A couple of years back, a relatively unknown – at least in the Indian subcontinent – Hasan Minhaj furthered the politician-comedian parentification (don't look up the dictionary; the meme below explains the meaning of this word better) through his White House correspondents' dinner address. He took digs at the bigotry of Donald Trump & Co, but that didn't make much of an impact in India because, of course, we're stuck in deep shit of our own.
Over the course of this weekend though, the American comedian of Indian origin finally turned towards the subcontinent in an outright courageous, half-an-hour long episode about the upcoming Indian general assembly elections, on the second season of his Netflix original 'Patriot Act'. And since it touched a lot of nerves, India is kinda…umm abuzz.
“Since [Narendra] Modi came to power, India has grown more hostile to minority groups. There's been a resurgence in religious nationalism, specifically Hindu nationalism, the idea that India is a Hindu nation,” opens the monologue.
Ha! How dare?
A bunch of trolls on my Twitter, and some of you reading this on MensXP (judging by the quality – or the lack of thereof, of a lot of comments on our Facebook page), would disagree. But the bad news for you guys is that he backs it up with solid facts (not Whatsapp forwards and 4Chan theories) to tell you how almost 300 people have been physically assaulted (including the 50 killed) in cow-related violence in India.
But I don't expect this lot to understand, let alone be empathetic. After all, I was called a 'cow-eater' just last week on a metro ride to work, because I had put on a kurta (serious offence in this day and age of pigeonholed points of view). So Hasan's Pakistani (then Qatar and then Iran) spy joke hits home instantly.March 18, 2019
That's not the only talking point from the episode. An unflinching Minhaj goes on to poke fun at the Indian TV media community that is drawing the ire of international compatriots, especially for its role in the coverage of the recent Indo-Pak tensions. More TV anchors let out war cries than the concerned people and more TV studios were turned into battlefields than the actual ones.
If truth be spoken, sane debates – both on air and off it, seem like a distant memory. Trust me, I'm an ex-Muslim man in the 'media business,' and get to physically interact with maybe more people than the average Indian bhakt.
In his own style, Minhaj also interviews Indian National Congress' outspoken Member of Parliament, Shashi Tharoor for the episode (FYI, he failed to get a response from the Bharatiya Janata Party and, going by his Twitter handle, Chowkidar Narendra Modi, 'who is the first PM in the country to never hold a press conference').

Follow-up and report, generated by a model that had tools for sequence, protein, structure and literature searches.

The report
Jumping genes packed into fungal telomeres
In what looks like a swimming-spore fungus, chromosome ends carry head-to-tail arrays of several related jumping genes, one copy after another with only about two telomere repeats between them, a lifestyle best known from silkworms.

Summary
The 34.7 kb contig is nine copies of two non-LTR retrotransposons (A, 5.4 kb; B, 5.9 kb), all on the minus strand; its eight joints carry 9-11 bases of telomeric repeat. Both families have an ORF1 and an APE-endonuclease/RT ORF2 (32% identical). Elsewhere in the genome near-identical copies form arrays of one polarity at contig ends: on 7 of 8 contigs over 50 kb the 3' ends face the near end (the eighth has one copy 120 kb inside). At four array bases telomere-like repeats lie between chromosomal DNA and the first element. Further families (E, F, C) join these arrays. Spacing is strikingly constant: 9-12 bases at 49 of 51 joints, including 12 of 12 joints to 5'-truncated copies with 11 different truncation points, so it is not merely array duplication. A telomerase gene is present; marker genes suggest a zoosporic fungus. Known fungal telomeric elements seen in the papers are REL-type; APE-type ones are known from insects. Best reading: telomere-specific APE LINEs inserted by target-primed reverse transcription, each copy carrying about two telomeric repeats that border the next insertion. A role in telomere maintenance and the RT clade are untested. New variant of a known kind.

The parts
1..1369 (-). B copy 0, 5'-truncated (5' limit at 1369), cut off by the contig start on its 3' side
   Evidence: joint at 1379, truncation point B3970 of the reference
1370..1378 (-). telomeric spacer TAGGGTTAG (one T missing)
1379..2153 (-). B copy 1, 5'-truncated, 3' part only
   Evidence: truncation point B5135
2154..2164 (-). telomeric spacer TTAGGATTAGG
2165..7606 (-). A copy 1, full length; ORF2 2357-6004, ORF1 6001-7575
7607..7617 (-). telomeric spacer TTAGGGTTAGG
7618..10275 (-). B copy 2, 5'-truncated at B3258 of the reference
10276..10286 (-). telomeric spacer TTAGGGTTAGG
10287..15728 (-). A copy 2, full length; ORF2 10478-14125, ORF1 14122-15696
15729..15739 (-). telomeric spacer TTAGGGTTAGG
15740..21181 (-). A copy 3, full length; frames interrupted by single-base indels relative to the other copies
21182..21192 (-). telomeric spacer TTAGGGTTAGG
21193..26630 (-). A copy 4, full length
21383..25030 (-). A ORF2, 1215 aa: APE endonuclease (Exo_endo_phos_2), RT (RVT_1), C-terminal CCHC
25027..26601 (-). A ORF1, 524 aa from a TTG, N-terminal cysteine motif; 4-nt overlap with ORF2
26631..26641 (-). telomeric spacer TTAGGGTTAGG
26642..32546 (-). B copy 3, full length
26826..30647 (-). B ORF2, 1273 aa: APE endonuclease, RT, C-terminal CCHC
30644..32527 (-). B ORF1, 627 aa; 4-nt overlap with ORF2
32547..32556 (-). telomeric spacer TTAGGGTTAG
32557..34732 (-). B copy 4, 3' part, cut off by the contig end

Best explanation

The comedian goes on to revive the age-old joke of the direct proportionality between an Indian politician and the number of criminal charges against them. For crying out loud, he confronted Tharoor about his wife's murder during their interview. It's a real moment of pride when this is the actual state of Indian media at present.
And finally, he also addresses the He-Who-Must-Not-Be-Named of Indian politics, the Rashtriya Swayamsevak Sangh (RSS) (yes, my name is Khan and I'm not a terrorist). Minhaj calls upon their problematic history and Narendra Modi's close ties with them, with reference to the rise of right-wing politics across the world in the recent past.
Apart from Uttar Pradesh chief minister Yogi Adiyanath's 'Aap Ki Adalat' appearance with Rajat Sharma (another TV anchor with dicey political ties), former chief MS Golwalkar deciding to name his book 'A Bunch of Thoughts' also became the butt of his jokes.March 17, 2019
The Twitter troll army, surprisingly, did stay away from going all-out in harassing Minhaj (at least in the first 24 hours of the episode's release), despite him poking ample fun at Modiji & Co. That's, in some ways, a testimony to the narrative's middle-of-the-road approach, and in a lot of ways an unlikely masterclass for Indian TV media.
Well, these were my bunch of thoughts on the show and how Minhaj's rational, hilarious, and neutral take on the Indian political climate, and the dire state of our TV 'journalism'. Without further spoilers, here is the entire episode; check it out.